Make sure you don’t miss a single Photofocus post – point your feed reader to the free Photofocus RSS Feed here and subscribe.
There is a difference between MAKING a picture and TAKING a picture. My goal at Photofocus is to turn picture takers into picture makers. Picture making is a much more thoughtful activity than picture taking. Picture taking is akin to snapshooting. You just grab a shot here or there as things come in front of you. There are times when that fits the bill, is fun and even appropriate. But when you are serious about your photography, you want to be more thoughtful, contemplative and careful.
That’s when you want to design a photograph.
Here’s my way of designing a photograph. Your mileage may vary.
1. Have a goal
My pictures – like most these days, are often seen online. With that in mind, a Steve Jobs quote seems appropriate. “We designed the buttons on the screen to look so good you’ll want to lick them.” My goal is similar. I want my photos to look so good on the screen you’ll want to – well you get the point.
2. Have an audience in mind and know what they expect
All good communications practice, whether it be art, illustration, writing or photography revolves around the audience. Who is your audience? What are they like? What interests them? How old are they? Where do they live? What do they like to do? What interests them? What compels them? What makes them happy, sad, lonely, etc.? Most important of all – what are their beliefs, feelings and desires? If you know this information it can and should impact greatly how you design your photograph.
3. Tell a story
When making rather than taking a photograph, you want to think story. Think about what story your photo tells. What will people take away from the picture? What will they think about it later when it’s not in full view – or better yet, will they think about it at all? If you tell a story with your camera you will have a successful image and part of designing the photo is thinking about that story.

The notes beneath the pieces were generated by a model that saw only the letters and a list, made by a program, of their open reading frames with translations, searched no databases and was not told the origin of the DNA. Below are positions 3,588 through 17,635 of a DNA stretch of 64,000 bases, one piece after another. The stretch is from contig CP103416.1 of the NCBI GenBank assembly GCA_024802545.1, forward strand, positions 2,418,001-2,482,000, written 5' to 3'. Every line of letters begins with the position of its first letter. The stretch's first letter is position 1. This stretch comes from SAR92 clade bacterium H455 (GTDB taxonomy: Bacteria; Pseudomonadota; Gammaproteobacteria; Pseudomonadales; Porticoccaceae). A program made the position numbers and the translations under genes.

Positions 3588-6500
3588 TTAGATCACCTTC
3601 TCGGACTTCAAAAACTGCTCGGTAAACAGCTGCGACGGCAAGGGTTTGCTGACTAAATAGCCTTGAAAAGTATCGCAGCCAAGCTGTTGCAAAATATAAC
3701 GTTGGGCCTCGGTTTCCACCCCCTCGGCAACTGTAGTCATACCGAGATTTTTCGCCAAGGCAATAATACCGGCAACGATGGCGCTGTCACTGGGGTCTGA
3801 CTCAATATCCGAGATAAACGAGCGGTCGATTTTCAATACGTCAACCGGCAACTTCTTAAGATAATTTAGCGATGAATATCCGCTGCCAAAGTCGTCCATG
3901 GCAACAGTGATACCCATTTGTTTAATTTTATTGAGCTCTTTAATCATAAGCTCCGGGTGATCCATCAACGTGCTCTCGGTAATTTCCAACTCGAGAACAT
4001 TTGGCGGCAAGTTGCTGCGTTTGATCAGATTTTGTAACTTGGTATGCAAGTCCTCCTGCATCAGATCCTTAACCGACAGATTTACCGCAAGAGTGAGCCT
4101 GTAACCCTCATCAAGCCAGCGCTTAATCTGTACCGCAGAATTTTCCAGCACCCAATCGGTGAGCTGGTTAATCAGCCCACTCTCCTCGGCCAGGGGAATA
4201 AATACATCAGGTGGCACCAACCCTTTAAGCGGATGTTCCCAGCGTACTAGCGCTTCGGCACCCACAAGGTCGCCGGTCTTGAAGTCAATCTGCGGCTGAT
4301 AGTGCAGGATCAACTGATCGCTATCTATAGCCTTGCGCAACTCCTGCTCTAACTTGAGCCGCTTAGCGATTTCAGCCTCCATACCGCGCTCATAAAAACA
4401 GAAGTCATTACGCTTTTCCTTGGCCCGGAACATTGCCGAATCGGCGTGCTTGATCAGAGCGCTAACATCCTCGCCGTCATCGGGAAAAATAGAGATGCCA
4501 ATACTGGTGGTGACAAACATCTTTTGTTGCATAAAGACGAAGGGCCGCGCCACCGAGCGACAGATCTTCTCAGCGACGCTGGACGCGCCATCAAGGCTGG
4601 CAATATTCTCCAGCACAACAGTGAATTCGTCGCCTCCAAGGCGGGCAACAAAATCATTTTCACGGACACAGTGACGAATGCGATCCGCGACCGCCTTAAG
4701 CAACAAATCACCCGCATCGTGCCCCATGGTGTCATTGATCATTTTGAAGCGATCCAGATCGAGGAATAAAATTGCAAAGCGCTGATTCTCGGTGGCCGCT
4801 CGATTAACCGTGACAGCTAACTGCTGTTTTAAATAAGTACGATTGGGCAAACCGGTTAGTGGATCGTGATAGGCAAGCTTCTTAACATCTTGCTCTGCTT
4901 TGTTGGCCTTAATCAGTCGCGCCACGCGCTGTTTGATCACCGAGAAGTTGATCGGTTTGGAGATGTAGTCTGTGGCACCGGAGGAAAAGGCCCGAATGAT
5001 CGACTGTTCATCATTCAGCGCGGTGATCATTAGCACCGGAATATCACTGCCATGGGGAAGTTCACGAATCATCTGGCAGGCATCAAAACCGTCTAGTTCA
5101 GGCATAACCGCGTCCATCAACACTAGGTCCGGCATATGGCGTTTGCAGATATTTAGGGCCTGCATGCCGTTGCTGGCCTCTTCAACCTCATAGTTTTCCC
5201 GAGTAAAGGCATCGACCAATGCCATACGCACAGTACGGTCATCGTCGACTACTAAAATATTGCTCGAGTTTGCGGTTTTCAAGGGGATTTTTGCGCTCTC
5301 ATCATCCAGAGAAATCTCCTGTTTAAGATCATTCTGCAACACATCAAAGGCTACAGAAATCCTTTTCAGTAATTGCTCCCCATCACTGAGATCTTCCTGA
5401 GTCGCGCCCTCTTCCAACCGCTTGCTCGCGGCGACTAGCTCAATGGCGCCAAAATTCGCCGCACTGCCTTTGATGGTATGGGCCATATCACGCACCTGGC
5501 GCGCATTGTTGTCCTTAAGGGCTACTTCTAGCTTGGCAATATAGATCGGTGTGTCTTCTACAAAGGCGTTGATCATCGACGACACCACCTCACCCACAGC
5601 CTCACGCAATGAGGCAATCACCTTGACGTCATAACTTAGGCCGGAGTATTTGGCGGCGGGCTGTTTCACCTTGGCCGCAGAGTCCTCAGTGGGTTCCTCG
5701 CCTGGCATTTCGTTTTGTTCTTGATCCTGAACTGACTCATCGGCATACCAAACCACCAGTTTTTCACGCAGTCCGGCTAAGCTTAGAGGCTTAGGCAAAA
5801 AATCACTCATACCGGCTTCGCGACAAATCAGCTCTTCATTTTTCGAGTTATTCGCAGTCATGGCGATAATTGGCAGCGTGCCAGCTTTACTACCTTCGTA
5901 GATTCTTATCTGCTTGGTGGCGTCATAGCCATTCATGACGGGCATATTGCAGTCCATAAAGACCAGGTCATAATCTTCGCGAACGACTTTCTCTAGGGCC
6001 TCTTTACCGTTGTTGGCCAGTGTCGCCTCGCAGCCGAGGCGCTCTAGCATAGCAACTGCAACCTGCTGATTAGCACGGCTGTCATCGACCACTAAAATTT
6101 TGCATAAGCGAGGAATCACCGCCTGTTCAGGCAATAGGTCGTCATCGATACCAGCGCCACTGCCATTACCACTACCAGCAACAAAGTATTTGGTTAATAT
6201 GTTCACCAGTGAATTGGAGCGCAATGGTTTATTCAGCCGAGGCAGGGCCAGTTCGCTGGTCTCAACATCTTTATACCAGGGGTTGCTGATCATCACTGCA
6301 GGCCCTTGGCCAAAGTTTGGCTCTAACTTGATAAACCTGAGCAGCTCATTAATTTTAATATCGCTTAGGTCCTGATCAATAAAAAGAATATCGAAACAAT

What colors will you use to draw in the viewer? What subject and background will you use? How will light (angle, direction, quality and quantity) impact the final result? What focal length lens will you use? What perspective and angle will you take? How will the composition work to support the story you want to tell? You have to think about all these elements (and more) to properly design a photograph.
5. Use layers
Not the kind you find in Photoshop – but visual layers. Make sure your photo has important elements in the foreground and background. Make sure your image has depth. Give the viewer of the image an easy way to get into the photo, use craft to guide them through it, then give them a way out. It’s like a beginning, middle and end to a story. It’s a bit ethereal but think about it and hopefully it will resonate.
6. Think impact
What will hit your viewer first when they see your picture? Think about the thing you WANT them to see and then use things like light, composition, focus etc to make that part of the image stand out – make it shout. Keep it simple. Make the most important thing in the image the most impactful. Don’t leave the viewer guessing. Make it easy to understand what you want them to look at.
I’m just scratching the surface here. Whole books have been written on this subject. Blog-style posts aren’t white papers nor are they meant to be all-inclusive. Thank goodness – if they were I’d never get any sleep. But I do want you to think about this stuff. Play around with it. Add to this list. Then go design a great picture.